Hi Billi, I think we might be talking at cross-purposes. I was commenting on and asking about the “disconnect” switches that Stephen linked to in his first post. I've no idea what switches you use other than that you implied you used something very similar. I think those 150 A breakers you linked to ought to be fine and agree with you that if Justme is right that they're not adequate then they're badly specified.


Title: Re: DC breakers/fuses
Post by: Tinbum on June 24, 2014, 08:59:04 AM
I use something like this.

I have a 60kVa 3 phase ups and the battery bank of about 32x12v (384v) batteries is protected by a similar item as manufactured. They do come up for sale at good prices on auction sites. Take careful note of the sensor part through as some are AC, some DC and some both.


Title: Re: DC breakers/fuses
Post by: billi on June 24, 2014, 09:50:06 AM
Quote
Hi Billi, I think we might be talking at cross-purposes

Can happen ,  actually happens very often  in such a big universal brain    ;D


Surely , if Justme knows
Quote
I would not dream of putting more than about 20 amps through them.
the specs of a 150 A  rated  fuse better than the supplier , i will be the last person  that recommends this product  again



Title: Re: DC breakers/fuses
Post by: Justme on June 24, 2014, 05:07:07 PM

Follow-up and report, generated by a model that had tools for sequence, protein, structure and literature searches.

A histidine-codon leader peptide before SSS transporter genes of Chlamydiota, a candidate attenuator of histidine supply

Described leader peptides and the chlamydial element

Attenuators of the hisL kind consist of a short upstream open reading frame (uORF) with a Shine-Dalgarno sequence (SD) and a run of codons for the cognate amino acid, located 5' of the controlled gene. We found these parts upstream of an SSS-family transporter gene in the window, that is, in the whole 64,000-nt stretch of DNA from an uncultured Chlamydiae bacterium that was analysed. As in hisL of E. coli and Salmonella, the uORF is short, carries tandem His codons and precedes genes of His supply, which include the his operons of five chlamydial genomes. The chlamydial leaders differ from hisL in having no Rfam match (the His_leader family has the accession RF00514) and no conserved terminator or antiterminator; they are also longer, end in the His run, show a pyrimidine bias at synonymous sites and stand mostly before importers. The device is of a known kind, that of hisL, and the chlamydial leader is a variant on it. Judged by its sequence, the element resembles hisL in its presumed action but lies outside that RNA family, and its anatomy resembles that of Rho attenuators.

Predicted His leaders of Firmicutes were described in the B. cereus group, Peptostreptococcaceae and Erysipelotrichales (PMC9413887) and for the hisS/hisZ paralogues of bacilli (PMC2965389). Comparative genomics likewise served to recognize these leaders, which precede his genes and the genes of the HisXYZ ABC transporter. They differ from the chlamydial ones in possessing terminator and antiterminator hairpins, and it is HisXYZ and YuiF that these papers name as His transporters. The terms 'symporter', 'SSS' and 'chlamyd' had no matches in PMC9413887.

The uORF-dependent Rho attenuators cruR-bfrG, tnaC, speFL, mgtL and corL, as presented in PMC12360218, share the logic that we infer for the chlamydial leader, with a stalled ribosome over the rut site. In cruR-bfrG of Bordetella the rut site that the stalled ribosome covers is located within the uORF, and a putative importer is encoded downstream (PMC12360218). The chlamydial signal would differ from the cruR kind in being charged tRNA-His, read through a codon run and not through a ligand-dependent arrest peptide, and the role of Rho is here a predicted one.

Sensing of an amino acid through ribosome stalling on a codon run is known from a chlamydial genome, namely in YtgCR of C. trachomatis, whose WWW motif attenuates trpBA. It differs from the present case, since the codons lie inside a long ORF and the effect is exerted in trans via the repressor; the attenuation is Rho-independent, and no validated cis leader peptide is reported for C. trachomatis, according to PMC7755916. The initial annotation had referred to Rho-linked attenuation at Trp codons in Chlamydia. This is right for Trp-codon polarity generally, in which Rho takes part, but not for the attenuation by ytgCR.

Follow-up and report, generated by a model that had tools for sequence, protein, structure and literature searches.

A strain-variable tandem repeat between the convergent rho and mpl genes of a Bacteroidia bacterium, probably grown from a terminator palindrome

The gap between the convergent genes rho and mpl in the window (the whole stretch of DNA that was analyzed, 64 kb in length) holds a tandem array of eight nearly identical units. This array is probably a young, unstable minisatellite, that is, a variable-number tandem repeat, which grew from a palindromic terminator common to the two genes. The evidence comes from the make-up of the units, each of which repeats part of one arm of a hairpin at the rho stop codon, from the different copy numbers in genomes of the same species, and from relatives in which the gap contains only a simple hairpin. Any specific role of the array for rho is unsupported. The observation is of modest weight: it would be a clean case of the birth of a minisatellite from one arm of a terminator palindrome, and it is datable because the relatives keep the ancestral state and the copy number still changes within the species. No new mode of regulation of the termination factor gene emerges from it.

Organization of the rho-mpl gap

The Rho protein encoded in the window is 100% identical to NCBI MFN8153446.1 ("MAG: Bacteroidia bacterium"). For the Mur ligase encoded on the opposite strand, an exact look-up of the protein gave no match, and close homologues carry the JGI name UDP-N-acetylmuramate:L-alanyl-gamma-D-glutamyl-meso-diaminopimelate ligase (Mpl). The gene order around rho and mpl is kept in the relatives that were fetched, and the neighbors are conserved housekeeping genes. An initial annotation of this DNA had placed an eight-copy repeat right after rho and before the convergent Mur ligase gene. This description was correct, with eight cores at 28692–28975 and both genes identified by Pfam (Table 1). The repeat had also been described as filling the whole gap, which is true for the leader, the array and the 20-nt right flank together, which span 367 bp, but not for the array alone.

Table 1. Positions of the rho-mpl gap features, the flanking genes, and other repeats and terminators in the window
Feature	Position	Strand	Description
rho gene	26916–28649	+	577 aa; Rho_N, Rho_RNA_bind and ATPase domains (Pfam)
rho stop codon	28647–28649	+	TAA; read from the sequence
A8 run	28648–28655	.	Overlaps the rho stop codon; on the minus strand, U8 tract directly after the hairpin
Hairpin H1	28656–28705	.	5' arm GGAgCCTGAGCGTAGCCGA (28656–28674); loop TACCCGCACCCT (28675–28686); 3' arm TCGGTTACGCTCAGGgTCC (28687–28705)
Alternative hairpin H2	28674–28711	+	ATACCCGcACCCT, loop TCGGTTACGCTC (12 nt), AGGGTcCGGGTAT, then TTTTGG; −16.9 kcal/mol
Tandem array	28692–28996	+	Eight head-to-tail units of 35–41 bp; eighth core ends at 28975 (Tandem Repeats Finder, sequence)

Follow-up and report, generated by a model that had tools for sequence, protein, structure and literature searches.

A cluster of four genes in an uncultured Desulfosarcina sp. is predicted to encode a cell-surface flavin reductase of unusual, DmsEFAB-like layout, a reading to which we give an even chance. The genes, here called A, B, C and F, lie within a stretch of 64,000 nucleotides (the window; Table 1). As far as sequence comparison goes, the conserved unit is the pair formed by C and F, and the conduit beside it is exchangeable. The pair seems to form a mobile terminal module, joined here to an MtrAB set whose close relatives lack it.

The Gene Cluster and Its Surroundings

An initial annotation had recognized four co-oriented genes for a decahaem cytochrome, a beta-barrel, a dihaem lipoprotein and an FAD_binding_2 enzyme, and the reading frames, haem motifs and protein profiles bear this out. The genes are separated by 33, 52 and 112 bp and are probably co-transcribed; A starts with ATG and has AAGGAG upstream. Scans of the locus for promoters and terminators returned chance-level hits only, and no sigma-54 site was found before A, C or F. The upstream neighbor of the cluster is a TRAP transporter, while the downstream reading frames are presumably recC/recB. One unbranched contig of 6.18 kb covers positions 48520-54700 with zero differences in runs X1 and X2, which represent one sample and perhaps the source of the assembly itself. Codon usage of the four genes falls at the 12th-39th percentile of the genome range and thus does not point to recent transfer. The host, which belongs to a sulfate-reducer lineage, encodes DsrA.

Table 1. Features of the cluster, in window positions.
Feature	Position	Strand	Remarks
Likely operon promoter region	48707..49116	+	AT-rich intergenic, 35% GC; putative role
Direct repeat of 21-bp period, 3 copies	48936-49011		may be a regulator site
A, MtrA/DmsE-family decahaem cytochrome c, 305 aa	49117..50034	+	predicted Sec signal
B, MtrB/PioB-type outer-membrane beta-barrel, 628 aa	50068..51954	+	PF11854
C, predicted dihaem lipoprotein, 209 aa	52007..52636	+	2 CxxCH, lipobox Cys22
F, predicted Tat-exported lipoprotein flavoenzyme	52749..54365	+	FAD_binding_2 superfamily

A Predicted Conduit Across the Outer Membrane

Hi Justme, why not??

Is it breakers in general that you don't like as disconnects, or that specific model? 


Well when you think that the cable that carry my 300amps at 12v for the inverter feeds are 120mm2 & those tiny screw terminals are less than 15mm2 I cant see them lasting that long before they melt.


Quote
I would not dream of putting more than about 20 amps through them.

then report to the supplier , i would say    ;)


They were bought by me for the purpose of disconnecting under 10 amps.

They suit that purpose. They were cheap.


Title: Re: DC breakers/fuses
Post by: Eccentric Anomaly on June 24, 2014, 08:33:51 PM
300 A at 12 V is a bit mind boggling. Why?

An aside on selection of nuts and bolts for this sort of thing: http://edavies.me.uk/2013/11/resistance-stainless/ (http://edavies.me.uk/2013/11/resistance-stainless/).


Title: Re: DC breakers/fuses
Post by: billi on June 25, 2014, 05:21:29 AM
Quote
Quote from: stephendv on June 23, 2014, 04:43:18 PM
Hi Justme, why not??

Is it breakers in general that you don't like as disconnects, or that specific model?


Well when you think that the cable that carry my 300amps at 12v for the inverter feeds are 120mm2 & those tiny screw terminals are less than 15mm2 I cant see them lasting that long before they melt.